A family provision claim is an application to the Supreme Court for a share, or a larger share, from the estate of a deceased person.
If you do not feel that sufficient provision has been made for you in your loved ones’ Will, then you must file a family provision claim in the Supreme Court within 12 months of the date of death. You can make a family provision claim if you:
- are an 'eligible person',
- have been left out of a will,
- did not receive what you thought you were entitled to receive.
If you are the executor of an estate and a claim for provision or further provision is made against that estate, it is your obligation to uphold the terms of the Will and protect the interests of the beneficiaries. This may mean that you proceed to Court, or it may mean that a settlement is negotiated. It is important to obtain specialist legal advice as to your responsibilities during such proceedings. Rayners Lawyers can provide you with such advice.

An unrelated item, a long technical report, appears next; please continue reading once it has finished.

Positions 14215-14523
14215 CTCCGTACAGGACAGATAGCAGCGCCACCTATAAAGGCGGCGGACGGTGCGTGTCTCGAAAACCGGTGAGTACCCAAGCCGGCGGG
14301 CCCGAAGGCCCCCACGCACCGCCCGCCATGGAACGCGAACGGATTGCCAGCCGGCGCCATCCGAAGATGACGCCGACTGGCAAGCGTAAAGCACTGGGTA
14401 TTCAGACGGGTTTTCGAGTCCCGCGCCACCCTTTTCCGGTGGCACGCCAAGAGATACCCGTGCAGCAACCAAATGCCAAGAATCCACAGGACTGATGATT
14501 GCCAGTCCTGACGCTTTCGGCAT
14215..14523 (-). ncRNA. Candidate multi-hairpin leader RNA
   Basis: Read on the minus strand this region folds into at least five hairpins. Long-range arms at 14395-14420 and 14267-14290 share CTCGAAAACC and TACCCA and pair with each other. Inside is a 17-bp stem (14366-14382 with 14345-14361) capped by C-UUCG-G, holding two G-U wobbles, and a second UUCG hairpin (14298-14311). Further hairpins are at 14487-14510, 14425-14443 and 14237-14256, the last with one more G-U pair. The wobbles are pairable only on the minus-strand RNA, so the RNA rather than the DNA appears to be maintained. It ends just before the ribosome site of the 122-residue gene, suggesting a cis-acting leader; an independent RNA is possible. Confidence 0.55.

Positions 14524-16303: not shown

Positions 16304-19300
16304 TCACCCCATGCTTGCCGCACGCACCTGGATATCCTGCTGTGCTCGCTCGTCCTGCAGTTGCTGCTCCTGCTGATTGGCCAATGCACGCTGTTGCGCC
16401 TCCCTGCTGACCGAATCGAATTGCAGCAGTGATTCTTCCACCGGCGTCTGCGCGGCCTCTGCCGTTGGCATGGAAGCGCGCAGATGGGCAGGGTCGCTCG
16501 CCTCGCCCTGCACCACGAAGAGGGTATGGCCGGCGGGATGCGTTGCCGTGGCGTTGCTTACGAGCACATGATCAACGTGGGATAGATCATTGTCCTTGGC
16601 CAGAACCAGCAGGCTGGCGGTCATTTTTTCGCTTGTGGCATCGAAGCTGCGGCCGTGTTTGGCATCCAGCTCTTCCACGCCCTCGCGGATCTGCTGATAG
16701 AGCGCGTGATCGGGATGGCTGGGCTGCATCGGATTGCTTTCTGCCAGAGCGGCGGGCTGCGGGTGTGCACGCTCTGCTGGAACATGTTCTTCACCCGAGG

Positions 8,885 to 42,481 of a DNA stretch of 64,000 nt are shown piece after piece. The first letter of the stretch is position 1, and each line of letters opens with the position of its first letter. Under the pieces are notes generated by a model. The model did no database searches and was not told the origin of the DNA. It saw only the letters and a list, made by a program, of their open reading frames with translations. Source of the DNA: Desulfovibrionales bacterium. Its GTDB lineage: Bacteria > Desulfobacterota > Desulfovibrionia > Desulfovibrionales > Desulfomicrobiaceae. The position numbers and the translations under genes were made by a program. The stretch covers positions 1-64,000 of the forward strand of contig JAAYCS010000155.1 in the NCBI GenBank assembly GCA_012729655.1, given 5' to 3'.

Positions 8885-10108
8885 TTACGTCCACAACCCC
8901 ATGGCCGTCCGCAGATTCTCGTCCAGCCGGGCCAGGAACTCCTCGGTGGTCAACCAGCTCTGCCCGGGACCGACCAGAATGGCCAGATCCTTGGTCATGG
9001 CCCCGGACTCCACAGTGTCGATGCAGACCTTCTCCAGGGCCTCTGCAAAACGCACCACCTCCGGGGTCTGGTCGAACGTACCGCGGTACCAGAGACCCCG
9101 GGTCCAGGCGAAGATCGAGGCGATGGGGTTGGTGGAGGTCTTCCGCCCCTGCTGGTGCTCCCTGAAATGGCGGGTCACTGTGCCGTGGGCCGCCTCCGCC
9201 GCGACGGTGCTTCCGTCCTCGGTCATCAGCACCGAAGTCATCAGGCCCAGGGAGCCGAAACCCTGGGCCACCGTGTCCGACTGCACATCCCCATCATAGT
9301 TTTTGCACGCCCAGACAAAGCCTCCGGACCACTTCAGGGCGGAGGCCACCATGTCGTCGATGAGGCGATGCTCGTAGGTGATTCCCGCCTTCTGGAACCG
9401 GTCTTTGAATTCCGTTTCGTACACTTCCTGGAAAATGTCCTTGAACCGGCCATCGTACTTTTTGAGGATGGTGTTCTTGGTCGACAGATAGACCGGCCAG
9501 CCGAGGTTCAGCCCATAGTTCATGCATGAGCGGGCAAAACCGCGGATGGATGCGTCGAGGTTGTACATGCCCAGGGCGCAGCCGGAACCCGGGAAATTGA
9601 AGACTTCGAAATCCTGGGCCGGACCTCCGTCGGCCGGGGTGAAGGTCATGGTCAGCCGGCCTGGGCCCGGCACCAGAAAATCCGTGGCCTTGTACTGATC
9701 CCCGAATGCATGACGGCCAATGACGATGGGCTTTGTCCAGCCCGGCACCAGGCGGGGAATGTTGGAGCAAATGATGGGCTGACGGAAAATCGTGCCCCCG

Sometimes, the administration of an estate may lead to litigation such as where the executor proving the Will is believed to be proving the wrong Will or that the person proving the Will is not entitled to be the executor. Contested Probate and Administration proceedings are complex and it is important that you receive tailored, specialist advice during such proceedings. Rayners Lawyers can provide you with such advice.
For further information, please contact Kirsty Rayner directly on 0422 33 88 10 or by email [email protected]